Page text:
For bureaucrats who have been in government for years and always determined to frustrate newcomers into submission or departure, their time could be coming to an end. Today, the new breed of technocrats got public backing from President Paul Kagame.
With more young people taking up senior roles in government, privately, they speak of powerful forces made up of long-serving counterparts who block them.
The situation is compounded by the fact that Rwanda’s population is more than 70% under 30 years.
Over the years, following the 1994 Genocide against the Tutsi in Rwanda, hundreds have been sent abroad on government, family-paid or variously sourced scholarships to get the best education. Hundreds more born there have returned equipped with some of the most sought after skills on the global job market.
Some have left high-paying jobs just to return home. For example many professionals returned under the TOKTEN scheme – a ‘reverse brain drain’ program introduced in the early 2000. Thousands others have completed studied at local colleges and joined the workforce.
And when they reached here, they quickly got senior positions in government – managing huge government departments and private companies. But in no time, they find themselves embroiled in bitter internal wrangles over management and resources.
In many cases, ideas advanced by the young technocrats are simply ignored. For some places, the conservative forces gang up against the new entrants – often voting out their ideas.
In the end, the new technocrats are despised, and eventually leave in disgrace or are fired for not delivering.
Today, the efforts of the new breed got public backing from the highest office in the land – President Paul Kagame.
In a strongly worded unscripted speech closing the four-day government retreat, Kagame singled out the case of new Prime Minister Edouard Ngirente to illustrate his point.
“The prime minister may not reveal to me the frustration he is experiencing, but I know what happens,” said Kagame. “Some people will do everything to keep you down. They will undermine everything you propose…they will be like ‘he is coming with World Bank principles that are not feasible here’….”
The Prime Minister was appointed in August last year, brought in from the World Bank.
Kagame told the dead-silent audience that the young officials should “refuse” to be bullied by their colleagues, and that they have to come out publicly against any such efforts.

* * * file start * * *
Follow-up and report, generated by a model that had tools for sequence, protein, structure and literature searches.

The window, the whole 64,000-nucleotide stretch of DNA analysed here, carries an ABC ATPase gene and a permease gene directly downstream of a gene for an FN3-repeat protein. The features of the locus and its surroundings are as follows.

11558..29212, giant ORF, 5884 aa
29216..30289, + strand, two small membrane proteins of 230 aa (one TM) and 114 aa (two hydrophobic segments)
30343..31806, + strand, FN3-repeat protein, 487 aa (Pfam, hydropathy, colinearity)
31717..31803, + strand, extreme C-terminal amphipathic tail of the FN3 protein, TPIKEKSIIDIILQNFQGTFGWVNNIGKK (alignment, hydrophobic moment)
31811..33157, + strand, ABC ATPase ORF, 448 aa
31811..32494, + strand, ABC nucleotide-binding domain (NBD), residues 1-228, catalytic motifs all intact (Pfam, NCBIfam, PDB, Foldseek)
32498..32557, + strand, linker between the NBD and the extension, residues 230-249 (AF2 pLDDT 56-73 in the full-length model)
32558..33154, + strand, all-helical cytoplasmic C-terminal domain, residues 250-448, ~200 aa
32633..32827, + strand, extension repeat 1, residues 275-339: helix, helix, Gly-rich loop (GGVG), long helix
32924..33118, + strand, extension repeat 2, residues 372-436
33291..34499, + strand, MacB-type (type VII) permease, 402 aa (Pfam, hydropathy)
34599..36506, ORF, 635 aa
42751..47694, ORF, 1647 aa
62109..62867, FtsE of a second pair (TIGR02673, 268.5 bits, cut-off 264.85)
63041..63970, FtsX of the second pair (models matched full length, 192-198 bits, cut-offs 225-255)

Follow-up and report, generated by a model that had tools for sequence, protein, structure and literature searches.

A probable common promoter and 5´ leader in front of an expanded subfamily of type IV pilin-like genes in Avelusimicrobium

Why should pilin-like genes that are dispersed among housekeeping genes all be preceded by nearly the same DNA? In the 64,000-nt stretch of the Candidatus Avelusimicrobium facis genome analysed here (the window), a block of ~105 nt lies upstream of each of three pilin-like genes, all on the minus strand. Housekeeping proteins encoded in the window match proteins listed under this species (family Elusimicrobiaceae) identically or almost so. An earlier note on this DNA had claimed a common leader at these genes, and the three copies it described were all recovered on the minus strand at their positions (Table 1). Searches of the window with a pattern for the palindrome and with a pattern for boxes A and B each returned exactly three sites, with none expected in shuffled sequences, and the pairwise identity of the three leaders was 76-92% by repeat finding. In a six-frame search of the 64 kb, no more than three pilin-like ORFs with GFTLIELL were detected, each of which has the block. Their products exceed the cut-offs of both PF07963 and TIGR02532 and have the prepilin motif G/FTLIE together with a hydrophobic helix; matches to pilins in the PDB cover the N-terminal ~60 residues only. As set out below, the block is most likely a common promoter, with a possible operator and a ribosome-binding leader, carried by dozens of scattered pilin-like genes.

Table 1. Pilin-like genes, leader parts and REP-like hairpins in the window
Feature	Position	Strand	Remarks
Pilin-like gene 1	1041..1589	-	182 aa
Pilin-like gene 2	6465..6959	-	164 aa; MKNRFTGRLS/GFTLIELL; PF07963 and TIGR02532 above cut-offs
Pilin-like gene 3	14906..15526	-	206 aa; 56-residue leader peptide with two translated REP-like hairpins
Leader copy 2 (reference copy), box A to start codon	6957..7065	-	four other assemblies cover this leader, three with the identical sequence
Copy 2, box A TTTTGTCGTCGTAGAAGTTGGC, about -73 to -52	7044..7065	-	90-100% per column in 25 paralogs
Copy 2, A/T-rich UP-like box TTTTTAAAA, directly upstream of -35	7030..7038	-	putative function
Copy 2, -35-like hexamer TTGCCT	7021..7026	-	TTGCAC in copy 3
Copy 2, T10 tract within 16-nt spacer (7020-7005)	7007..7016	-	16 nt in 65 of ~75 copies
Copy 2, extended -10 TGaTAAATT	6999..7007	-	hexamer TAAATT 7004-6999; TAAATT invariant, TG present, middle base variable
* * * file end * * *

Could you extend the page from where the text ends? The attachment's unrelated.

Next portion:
“There should be consequences” for people out to block the country’s development simply because the person appointed is not one of their own,” said Kagame.
“Do not accept to be lectured that ‘this is how things have to be done’. You should not allow the bad ways you find here to influence you to abandon the skills you acquired. You need to stand by your principles.”
Earlier in the long address, Kagame warned that there will be no room for inefficiency after the officials return to their departments after the retreat, known locally as “Umwiherero”.
Kagame said he was concerned about the disorganization and no coordination in government departments, but that that did not mean they have to start having endless meetings.
“You should not leave here to torment the local population with daily meetings just because we all agreed here that you have been spending more time in offices instead of being on ground with the people you lead,” said Kagame.
He said the culture of work and sacrifice in Asia and Scandinavian region is what has developed these regions. Kagame said resources are available but are left redundant by officials who hurriedly rush to implement projects when he is about to visit a particular region.
“It is due to lack of these values that people tend to cover up the reality on the ground, and only implement projects when the President is coming to visit,” said Kagame.
“A road will be built in one week yet the resources have been available for ten years…now tell me; since we are always complaining of lack of resources, will they have emerged from the president’s office?” added Kagame.
The head of state said in the eastern province, locals have repeatedly asked him to announce visits well aware he will not come because that alone will force officials to implement stagnant projects for fear of being tasked to explain without answers.
“This is clear indication that officials cannot work without constant supervision, instead they spend time engaged in personal businesses,” said Kagame. “The resources are fully available but a culture of chaos is what reigns.”
In a similar tone on Monday during the launch of the retreat, Kagame spoke of the paralysis in the government. In some ministries, two ministers work in the same building and manage the same staff but never communicate.